Make no mistake, Alexander McQueen wastes not — which is why the London-based design house is launching its next educational initiative: redirecting its surplus of house fabrics to U.K. fashion colleges.
The initiative kicks off at London Fashion Week on Friday, with the bachelor of arts course show for the University of Westminster and the masters of art course show for Central Saint Martins getting to use donated McQueen fabrics.
One of the designers using the fabrics is University of Westminster student Steven Stokey-Daley, who has used them in his final collection.
It builds upon the education program creative director Sarah Burton envisioned most recently in “Roses,” an installation dedicated to experiences and learning, on the second floor of the brand’s London flagship in January. As of now, 14 U.K. schools are involved in the education program.
Burton acknowledges that the design ethos at Alexander McQueen means that everything used, be it in the research process, including sampling and production cycles, or designing of collections “has always been archived and stored.”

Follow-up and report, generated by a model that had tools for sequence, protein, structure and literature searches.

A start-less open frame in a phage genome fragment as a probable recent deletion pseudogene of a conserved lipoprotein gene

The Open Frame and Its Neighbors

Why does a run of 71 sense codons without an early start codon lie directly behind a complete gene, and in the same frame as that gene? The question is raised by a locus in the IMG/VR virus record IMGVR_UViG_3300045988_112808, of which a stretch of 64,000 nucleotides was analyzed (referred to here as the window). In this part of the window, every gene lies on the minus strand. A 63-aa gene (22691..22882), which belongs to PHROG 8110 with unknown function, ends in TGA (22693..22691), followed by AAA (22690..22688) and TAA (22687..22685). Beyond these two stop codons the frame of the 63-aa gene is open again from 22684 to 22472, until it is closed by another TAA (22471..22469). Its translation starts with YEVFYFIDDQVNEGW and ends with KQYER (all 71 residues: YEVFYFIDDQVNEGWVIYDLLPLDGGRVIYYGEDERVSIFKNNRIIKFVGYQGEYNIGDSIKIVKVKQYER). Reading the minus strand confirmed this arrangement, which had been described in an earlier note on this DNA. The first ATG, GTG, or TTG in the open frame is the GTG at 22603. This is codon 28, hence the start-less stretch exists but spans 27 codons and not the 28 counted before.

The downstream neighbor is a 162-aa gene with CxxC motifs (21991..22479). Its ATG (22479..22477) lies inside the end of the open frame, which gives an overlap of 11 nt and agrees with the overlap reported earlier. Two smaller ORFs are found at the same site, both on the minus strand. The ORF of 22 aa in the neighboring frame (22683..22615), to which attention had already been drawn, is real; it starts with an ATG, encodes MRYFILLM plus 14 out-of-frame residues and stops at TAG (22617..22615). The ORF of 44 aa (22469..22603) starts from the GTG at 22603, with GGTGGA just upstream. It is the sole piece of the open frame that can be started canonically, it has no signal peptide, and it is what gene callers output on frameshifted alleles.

“We’ve never thrown anything away,” she said, recalling working under McQueen, who “helped me source fabrics for my final collection.”
London Fashion Week will also see “clothing swap” initiatives from Global Fashion Exchange and the British Fashion Council, teaming with designers such as recent Central Saint Martins graduate Patrick McDowell.
Elsewhere, companies such as New York City-based Fabscrap are connecting students with excess material, working directly with designers such as Marc Jacobs to obtain excess fabrics and put them into the hands of the industry’s next generation of talent, leading with circularity.
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